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I drink a lot of coffee, sometimes more than I should, but I mix it up between regular and decaf so my nervous system hasn't gone completely haywire. But my bank account has. My choice of coffee machine was causing me to spend nearly $900 a year more than I had to, and I decided it wasn't worth it.
According to a recent commentary published by Harvard School of Public Health, the average American coffee drinker consumes 27.9 ounces of coffee a day. That is 3.1 nine ounce cups per day, 365 days per year. That is a lot of coffee, but on a per person basis Americans aren't even in the top 10. That honor belongs to Finland.
Until very recently I was using a Keurig brewer and the ubiquitous K-cups. Each K-cup makes a decent six ounce cup of coffee. And while the brewer does have a setting for a 7+ ounce cup, I felt that at that setting the result was a weaker brew. Each K-cup was costing me about fifty cents. I made shopping for the coffee a game, comparing the per unit price at both Costco and Amazon. Amazon has the subscription service and if your coffee is among those offered, you can save 15% off the listed price. The coffee is packaged 50 cups per box or 53 cents per cup. Costco sells certain varieties in boxes of 80 for $38 or 48 cents per cup. The main source of savings, I discovered, is not where you buy the K-cups but in choosing not to use them.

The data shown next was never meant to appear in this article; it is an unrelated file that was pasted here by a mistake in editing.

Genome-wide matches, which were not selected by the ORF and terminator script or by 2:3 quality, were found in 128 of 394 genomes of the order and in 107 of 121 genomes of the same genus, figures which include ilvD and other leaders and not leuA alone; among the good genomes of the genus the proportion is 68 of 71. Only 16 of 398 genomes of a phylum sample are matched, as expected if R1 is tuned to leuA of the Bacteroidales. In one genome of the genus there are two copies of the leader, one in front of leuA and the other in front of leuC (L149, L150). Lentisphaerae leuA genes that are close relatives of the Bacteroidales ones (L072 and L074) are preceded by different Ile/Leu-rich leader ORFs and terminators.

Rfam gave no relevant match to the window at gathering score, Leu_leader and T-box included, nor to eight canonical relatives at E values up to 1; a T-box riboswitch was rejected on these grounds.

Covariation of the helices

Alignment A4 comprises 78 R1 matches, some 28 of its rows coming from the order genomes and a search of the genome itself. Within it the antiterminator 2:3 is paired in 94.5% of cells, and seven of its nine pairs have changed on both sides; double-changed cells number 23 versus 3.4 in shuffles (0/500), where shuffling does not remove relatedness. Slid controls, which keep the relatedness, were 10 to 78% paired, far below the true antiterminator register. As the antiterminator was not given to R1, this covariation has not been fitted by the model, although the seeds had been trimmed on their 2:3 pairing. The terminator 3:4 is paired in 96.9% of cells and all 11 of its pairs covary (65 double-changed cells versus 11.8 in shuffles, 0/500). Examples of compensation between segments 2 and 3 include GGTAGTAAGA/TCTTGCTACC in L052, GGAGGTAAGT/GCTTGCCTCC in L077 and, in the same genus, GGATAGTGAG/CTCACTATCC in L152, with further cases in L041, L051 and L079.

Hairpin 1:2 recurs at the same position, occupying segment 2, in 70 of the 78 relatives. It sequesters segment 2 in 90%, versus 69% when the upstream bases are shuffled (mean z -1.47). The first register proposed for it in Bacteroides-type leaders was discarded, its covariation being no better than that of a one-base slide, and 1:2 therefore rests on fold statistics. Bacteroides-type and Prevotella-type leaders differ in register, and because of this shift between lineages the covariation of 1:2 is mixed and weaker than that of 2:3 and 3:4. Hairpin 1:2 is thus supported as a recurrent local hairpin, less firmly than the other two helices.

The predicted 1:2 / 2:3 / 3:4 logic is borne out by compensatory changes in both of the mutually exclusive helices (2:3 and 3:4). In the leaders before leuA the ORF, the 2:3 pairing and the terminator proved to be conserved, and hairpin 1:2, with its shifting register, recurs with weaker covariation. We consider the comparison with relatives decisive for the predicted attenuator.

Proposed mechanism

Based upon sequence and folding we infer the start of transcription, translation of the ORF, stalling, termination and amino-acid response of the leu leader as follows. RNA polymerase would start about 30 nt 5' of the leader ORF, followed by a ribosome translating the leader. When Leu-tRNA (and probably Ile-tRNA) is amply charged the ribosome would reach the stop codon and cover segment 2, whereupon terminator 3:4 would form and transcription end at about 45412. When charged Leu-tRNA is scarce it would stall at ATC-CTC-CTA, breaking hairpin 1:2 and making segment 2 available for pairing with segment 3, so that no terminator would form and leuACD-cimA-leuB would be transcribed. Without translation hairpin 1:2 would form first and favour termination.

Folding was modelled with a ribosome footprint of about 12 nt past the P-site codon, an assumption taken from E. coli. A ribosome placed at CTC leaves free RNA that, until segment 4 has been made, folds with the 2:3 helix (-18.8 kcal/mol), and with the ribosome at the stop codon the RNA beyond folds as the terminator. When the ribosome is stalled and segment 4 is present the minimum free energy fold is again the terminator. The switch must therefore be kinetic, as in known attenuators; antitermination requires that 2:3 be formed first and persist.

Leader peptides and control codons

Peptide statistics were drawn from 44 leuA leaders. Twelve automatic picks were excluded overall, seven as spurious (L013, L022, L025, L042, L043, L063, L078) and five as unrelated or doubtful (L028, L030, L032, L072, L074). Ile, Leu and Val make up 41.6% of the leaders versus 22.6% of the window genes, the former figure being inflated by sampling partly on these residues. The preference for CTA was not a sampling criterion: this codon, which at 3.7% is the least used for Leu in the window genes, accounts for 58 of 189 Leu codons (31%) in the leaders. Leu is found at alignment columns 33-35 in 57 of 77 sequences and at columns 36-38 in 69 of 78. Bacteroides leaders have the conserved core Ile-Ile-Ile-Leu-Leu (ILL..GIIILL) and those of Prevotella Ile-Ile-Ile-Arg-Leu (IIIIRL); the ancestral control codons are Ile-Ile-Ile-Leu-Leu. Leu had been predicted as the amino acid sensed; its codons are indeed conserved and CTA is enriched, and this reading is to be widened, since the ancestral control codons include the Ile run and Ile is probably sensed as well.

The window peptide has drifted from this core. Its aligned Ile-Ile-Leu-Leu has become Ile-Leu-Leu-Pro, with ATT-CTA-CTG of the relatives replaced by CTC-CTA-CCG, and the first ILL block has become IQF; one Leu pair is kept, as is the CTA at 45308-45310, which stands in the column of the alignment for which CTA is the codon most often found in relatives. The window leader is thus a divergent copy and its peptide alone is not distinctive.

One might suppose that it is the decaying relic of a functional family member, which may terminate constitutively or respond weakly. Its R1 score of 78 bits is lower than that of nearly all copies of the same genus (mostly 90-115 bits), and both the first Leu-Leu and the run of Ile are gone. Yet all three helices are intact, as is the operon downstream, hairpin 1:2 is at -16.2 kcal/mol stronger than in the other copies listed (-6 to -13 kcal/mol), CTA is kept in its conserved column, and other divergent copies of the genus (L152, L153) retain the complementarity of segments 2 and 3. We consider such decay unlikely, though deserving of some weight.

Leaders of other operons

You can easily find bags of coffee for less than eight dollars a pound. I recently bought a 2-1/2 pound bag of Dunkin Donuts Coffee, which will make 135 cups, for $19.99. That means each cup costs less than 15 cents. That is a savings of nearly 75 percent. It sounds trivial until you look at the consumption. Assuming that I drink eight six ounce cups, or 48 ounces, per day, I will spend $941 more on the K-cups than if I used regularly ground coffee. If you drink the amount that the average American coffee drinker does, your savings will still be $470, rounding down to four six-ounce cups.
One of the reasons which led me to use the single cup brewer was that there was less waste making a single cup at a time, and more convenience. However, I recently discovered a new toy, a single cup coffee maker which uses ordinary coffee and doesn't require special adapters, such as Keurig brewers do. You simply scoop the amount of coffee needed into the basket, add the proper amount of water for your cup and bingo -you get a hot cup of coffee. What excites me about this product is that if I am using a larger cup, such as the 12 ounce travel mug, I simply add two scoops of coffee and 12 ounces of water.
I did buy the new brewer which cost $55, but I will easily recoup that savings after 160 regular cups of coffee or within a month.